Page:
Facing a Cook County felony charge? You may be eligible for several different rehabilitation programs that spare you the consequences associated with these types of charges.
Below, we’re going to go into detail on two different programs that may be available to you. See if either of them apply to your situation. If you’re still unsure after reading or you simply want to learn more, feel free to reach out to our office.
Deferred Prosecution Program
In 2011, the State’s Attorney’s Office initiated the Deferred Prosecution Program. This 12-month program offers first-time, non-violent offenders the opportunity to avoid the penalties of a felony conviction by going through intensive training. Those who successfully complete the program may have charges dropped at the end of the 12-month period.
If you were convicted for any of these crimes, you may be eligible to apply for the program.
- Retail theft
- Possession of stolen vehicle
- Possession of burglary tools
- Possession of cannabis
- Possession of a controlled substance
- Possession of methamphetamine
You may apply for the program under these additional guidelines:
- No prior felony charges
- No prior misdemeanor charge for a violent offense
You are ineligible for the program if you were charged with any of the following offenses:
- Delivery of cannabis
- Delivery of a controlled substance
- Delivery of methamphetamine
- Intent to deliver or manufacture cannabis, any controlled substance, or methamphetamine
- Any violent offense in which bodily harm was inflicted, force was threatened or used against another person, or a sexual crime was committed
- Any crime of domestic violence, including battery and violation of an order of protection
- Hate crimes
- Driving under the influence of drugs or alcohol
- Any offense involving the use of a firearm or deadly weapon
Admittance to the Deferred Prosecution Program is one-time only. There is no age limit on admittance to the program.
- Upon admittance to the program, all of these conditions must be met during the 12-month period:
- No other offenses can be committed at the municipal, state, or federal level
- No possession of a firearm or deadly weapon
- No possession of a drug other than what is prescribed by a doctor
- Must make full restitution for original offense
- Must have gainful employment, or if that is not possible, a minimum of 96 community service hours must be served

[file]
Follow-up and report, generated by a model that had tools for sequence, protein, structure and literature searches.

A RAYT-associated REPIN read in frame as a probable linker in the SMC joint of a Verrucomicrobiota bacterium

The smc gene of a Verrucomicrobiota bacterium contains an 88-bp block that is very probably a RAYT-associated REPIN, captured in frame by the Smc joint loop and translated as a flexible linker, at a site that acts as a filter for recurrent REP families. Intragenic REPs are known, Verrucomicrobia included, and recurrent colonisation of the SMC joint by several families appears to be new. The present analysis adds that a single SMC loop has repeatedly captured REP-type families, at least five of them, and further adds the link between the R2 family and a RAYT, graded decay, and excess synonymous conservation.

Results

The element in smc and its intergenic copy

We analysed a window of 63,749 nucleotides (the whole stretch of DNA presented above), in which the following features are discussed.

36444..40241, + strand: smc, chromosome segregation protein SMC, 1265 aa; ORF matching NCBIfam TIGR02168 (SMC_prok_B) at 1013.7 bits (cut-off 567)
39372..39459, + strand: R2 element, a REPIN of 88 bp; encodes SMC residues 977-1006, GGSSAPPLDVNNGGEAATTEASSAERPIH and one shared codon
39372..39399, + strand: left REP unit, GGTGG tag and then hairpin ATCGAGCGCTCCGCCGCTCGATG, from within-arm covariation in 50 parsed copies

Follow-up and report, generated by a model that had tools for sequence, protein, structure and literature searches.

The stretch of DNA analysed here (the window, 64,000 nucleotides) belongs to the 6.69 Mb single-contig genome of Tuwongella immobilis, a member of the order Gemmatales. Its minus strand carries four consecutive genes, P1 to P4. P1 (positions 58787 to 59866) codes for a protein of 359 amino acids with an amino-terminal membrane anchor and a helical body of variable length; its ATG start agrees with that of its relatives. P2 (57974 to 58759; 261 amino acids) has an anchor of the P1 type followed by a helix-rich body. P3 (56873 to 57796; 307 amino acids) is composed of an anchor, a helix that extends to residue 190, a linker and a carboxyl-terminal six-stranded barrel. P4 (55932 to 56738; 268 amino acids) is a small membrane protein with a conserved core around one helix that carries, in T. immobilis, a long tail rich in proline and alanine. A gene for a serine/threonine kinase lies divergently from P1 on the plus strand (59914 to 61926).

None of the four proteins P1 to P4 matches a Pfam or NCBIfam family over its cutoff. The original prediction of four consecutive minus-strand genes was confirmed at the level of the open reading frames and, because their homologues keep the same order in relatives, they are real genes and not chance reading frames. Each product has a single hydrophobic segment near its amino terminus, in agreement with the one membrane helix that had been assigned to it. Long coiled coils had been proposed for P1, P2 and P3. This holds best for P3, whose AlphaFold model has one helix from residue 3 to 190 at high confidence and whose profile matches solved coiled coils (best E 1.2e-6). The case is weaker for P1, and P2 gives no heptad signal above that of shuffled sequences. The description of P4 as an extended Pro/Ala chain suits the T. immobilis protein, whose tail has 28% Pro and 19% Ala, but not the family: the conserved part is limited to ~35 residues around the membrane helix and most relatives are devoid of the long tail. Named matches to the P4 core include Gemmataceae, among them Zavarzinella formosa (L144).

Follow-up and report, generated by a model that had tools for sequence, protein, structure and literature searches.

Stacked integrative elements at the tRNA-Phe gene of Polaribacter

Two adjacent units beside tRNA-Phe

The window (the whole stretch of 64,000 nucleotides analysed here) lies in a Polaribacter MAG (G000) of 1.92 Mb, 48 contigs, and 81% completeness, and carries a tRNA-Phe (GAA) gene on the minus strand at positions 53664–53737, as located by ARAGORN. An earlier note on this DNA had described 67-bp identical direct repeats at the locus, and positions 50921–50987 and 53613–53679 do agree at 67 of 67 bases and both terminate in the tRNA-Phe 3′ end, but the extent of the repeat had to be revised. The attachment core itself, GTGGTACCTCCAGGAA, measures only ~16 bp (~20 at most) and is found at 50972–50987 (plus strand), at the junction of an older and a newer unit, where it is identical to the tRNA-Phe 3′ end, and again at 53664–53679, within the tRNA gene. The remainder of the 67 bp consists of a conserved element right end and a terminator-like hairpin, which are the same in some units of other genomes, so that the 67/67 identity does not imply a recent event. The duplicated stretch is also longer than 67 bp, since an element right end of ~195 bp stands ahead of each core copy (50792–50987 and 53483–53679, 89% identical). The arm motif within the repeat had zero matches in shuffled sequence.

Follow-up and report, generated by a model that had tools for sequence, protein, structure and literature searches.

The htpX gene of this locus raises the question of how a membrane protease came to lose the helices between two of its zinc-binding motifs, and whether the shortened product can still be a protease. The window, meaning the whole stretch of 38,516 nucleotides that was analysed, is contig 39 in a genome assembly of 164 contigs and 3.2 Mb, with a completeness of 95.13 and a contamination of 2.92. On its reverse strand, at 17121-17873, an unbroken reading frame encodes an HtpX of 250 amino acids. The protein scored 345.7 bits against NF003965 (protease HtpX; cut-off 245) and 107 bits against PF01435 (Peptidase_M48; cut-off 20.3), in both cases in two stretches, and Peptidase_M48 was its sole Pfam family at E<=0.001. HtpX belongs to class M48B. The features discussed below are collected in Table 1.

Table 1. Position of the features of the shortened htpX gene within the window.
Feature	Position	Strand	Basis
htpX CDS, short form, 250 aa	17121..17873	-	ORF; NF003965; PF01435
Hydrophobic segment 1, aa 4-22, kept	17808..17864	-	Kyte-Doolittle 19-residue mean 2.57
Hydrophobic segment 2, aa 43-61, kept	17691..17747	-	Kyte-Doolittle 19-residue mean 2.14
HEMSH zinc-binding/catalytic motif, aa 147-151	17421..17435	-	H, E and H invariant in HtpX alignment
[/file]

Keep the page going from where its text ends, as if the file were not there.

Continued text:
- If you have not graduated from high school, you must enroll in a G. E. D. or vocational training program
- If necessary, you must receive treatment for drug or alcohol addiction
- Must attend all scheduled court appointments
At the end of the 12-month period, the State’s Attorney’s Office will review the case. If any conditions were not met, the case returns to the prosecution. If all the conditions were met to the satisfaction of the State’s Attorney, the felony charge will be dropped. Then your attorney may request that the case be expunged from your record.
Drug School Diversion Program
If you live in Cook County or St. Clair County, and you were a first-time, low-level offender in certain drug-related crimes, you may be eligible for this program. Upon admittance to the Drug School Diversion Program, you will attend classes that explain the consequences of substance use and the negative, life-altering consequences of involvement with the justice system.
At your preliminary hearing for your original offense, the court will identify if you are admissible to the program. If you agree to the stipulations of the program, you will be granted a three-month continuance and your hearings will be waived. You will then participate in a minimum of 10 hours of classes and comply with other program rules.
You may be eligible for the program under the following conditions:
- You are at least 17 years old
- Your charges occurred in either Cook County or St. Clair County, Illinois
- You have no prior felony convictions
- You have no prior convictions involving violence
- You have no history of drug dealing
- Your charges involved a misdemeanor or felony charge of possession of PCS, cannabis, or drug paraphernalia
At the end of the three-month period, the prosecution will review the case. If the requirements were met, the charges will be dropped and you may apply for expungement. If the requirements were not met, the case will continue.
If you have participated in the Drug School Diversion Program, you may also be granted permission to participate in the Deferred Prosecution Program.
Diversion May Be Your Best Chance at Avoiding Serious Repercussions
These two programs aren’t the only ones out there. Just one additional example is the Juvenile Justice Diversion Project. This project is a court alternative diversion program that gives youth opportunities for beneficial activities that promote positive societal contributions. Through education, leadership training, community service, and advocacy programs, the Juvenile Justice Diversion Project attempts to rehabilitate youth.
To learn more about your eligibility for participation in any of these programs, or about other programs that may be available to you, your best bet is to contact a qualified attorney today to set up a free initial consultation.
About the Author:
Andrew M. Weisberg is a former felony prosecutor who now serves as a defense attorney in the greater Chicago area. He has extensive experience in handling all types of criminal cases, from sex offenses and domestic violence to retail theft-related crimes, murder, and drug crimes.